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P.R.I.D.E. Noticing & Naming Author’s Purpose

Recognizing an author’s purpose (or purposes) for writing or creating an informational source can help a student determine what’s important in a source, remember what they read (or heard in a video or saw in a graphic), and begin to think critically about the information in a source.

Last week I had the honor of teaching a lesson on author’s purpose to a group of students. The teachers and I used the three-phase lesson plan and an article on the benefits of recycling from NEWSELA ( the second or  “con” article). (This was part of a larger teaching lab experience where teachers planned in small groups and then we brought in students for each group of teachers to teach.)

Below are notes about the phase 2 lesson that I led with a small group.

Phase 2 Meet the Strategies

With the anchor chart pictured above, I introduced the what, the why, and the how of identifying author’s purposes.

What: Readers know that authors have a reason or purpose for writing an informational source (a purpose they have PRIDE in :). Authors’ purposes include to persuade, to recount or tell a true story, to instruct (or teach us), to describe, and to explain.

Why: Identifying an author’s purpose can help you think about what is important in a source. For example, if you notice that an author seems to be instructing you or teaching you how to do something, then you will be looking for specific steps or directions you can follow.

 How: As you preview and then read or reread (like today) a source, look for clues as to the author’s purpose. Try to notice and name the author’s purpose. You can do this by keeping the types of authors’ purposes in mind.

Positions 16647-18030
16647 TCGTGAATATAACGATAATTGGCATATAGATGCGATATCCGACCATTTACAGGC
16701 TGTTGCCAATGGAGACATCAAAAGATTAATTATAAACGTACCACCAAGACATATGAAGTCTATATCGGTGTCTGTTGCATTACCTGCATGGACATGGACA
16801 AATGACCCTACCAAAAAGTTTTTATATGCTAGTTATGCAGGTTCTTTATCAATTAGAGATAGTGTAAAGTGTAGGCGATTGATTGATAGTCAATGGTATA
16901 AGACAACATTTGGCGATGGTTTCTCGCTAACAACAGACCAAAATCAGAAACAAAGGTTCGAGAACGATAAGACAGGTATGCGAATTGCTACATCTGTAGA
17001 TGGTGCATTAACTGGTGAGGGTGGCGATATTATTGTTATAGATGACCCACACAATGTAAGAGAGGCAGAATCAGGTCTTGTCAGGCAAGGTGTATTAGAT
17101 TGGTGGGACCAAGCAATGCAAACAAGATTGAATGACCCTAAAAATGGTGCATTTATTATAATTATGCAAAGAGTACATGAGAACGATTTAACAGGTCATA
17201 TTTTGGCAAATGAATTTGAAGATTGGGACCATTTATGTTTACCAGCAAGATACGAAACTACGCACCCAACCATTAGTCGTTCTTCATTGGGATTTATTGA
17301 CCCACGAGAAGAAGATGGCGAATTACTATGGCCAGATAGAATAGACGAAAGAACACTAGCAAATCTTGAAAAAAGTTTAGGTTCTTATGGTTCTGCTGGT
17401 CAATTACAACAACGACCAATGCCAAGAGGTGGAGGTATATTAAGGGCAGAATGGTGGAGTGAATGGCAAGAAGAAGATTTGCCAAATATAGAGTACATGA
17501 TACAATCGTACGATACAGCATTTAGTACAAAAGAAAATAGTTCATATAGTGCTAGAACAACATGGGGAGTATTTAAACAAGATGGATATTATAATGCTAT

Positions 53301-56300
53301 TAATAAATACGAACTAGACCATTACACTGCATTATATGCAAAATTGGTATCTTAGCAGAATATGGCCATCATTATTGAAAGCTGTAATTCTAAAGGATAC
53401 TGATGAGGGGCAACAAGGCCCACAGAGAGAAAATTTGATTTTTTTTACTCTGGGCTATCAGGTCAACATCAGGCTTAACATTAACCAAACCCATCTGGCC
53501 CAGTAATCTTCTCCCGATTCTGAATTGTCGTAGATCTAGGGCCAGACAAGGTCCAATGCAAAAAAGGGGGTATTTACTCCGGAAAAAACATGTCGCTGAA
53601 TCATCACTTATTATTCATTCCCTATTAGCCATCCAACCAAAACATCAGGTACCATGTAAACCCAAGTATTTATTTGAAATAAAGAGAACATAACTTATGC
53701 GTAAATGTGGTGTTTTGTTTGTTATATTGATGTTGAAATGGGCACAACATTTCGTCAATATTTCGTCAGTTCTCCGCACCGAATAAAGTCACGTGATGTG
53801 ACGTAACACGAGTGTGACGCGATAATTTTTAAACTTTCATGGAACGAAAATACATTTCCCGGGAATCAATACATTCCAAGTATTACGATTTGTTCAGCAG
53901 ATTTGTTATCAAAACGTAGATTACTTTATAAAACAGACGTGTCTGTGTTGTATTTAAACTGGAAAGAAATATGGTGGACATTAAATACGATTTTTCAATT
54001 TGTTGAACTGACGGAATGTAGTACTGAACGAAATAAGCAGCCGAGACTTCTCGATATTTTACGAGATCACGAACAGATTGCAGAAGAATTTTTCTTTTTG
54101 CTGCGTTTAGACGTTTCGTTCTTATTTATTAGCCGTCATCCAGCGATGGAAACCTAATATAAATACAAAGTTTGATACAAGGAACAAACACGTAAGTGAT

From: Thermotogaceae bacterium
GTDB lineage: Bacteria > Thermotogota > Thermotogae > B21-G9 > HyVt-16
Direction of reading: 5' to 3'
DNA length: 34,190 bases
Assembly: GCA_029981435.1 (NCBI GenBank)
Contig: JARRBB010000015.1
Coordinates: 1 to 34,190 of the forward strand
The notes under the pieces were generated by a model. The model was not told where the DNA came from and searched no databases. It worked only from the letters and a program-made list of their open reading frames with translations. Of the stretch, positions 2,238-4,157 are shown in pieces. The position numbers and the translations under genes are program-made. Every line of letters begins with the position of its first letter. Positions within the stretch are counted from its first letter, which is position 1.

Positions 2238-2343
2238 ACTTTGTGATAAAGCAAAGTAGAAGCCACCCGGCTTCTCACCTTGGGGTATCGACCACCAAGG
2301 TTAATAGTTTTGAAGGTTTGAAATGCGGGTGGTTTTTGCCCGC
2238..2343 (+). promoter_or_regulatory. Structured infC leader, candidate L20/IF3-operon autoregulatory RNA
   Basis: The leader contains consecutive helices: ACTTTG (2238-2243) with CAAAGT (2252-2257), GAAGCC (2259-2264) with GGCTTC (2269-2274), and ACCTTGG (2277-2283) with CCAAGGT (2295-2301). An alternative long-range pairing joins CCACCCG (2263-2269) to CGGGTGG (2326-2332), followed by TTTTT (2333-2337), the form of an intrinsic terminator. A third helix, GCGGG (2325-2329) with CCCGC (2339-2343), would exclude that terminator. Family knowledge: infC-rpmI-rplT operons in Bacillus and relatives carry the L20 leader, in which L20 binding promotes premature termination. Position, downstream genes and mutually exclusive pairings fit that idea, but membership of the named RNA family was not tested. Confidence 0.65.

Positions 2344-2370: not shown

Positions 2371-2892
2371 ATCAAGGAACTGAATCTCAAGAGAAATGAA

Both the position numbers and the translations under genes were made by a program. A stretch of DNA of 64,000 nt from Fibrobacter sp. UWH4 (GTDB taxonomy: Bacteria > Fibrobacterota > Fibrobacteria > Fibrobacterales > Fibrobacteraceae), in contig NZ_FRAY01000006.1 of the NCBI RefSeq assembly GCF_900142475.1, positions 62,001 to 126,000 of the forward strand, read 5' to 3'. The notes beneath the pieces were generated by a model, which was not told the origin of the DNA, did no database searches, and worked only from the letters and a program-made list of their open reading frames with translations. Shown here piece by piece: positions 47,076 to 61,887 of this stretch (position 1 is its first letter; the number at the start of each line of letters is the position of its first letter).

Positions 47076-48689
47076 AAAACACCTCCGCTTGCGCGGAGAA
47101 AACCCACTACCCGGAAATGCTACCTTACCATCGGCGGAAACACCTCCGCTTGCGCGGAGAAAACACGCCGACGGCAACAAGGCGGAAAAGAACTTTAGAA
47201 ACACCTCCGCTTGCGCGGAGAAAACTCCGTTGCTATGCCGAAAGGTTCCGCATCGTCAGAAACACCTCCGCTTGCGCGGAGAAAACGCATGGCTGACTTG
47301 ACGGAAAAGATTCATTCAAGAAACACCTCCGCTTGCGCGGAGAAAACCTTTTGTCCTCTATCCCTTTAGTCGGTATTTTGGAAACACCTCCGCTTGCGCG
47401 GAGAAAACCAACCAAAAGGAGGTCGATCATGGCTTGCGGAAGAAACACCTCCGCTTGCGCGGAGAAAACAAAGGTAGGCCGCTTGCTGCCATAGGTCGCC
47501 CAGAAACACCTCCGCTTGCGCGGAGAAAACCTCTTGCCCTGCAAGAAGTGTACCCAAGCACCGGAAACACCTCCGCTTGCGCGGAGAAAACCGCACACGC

Let’s do this kind of thinking with the article we just read on recycling. What do you think the author’s purpose was?

The students quickly identified the author’s purpose as to persuade: to persuade the reader to do or believe something.  Together we wrote a purpose statement on a blank piece of paper.

Then I pushed them to identify details in the text that made them think this was the author’s purpose. You might think aloud about a detail or the use of a word that signaled persuasion–share what you learned from a sentence (or detail) and then what that made you think related to the author’s purpose.

Then you can ask the students to reread the source (or part of it) with these questions in mind – What did I just learn (in this sentence or section)? What does that make me think (related to what I think the author’s purpose is)?

When we regrouped, during our discussion of what they learned and noticed, I took notes–with just enough words to trigger memory of what they learned or thought about. These notes can be used to help students write a response during the Phase 3 Meet the Response part of the lesson.

BTW – During this lesson I didn’t get into noticing “author’s point of view,” “supporting premises,” “textual evidence” and so forth. That’s too much for some students who are new to analyzing a persuasive text. (I tried that in a lesson and it bombed!!!!) I casually referred to “details you noticed that make you think the author is trying to persuade you” and “why that makes you think so.”

A BIG thank you to Amanda in North Kansas City Schools and her colleagues for coming up with the fantastic mnemonic for author’s purpose. When I posted this on twitter, an author, Patricia Newman (who writes fabulous nonfiction!!!!), responded with how this resonates well with her as a writer with a purpose!

I’ve included a one page guide that describes introducing author’s purpose and how you might do this during a series of Phase 2 lessons. (This is from the new edition of Close Reading of Informational Sources out in spring 2019!)

PRIDE Identifying Author’s Purpose

Last thought (of many) – Identifying an author’s purpose can REALLY help when students begin to analyze the information in multiple sources! If you have a copy of my new book Nurturing Informed Thinking: Reading, Talking and Writing Across Content-Area Sources, check out Chapter 3, Lesson 8, p. 66!

Hope this helps.


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Nonfiction text structure,   Sample Lessons,   Uncategorized,   writing analytic essays


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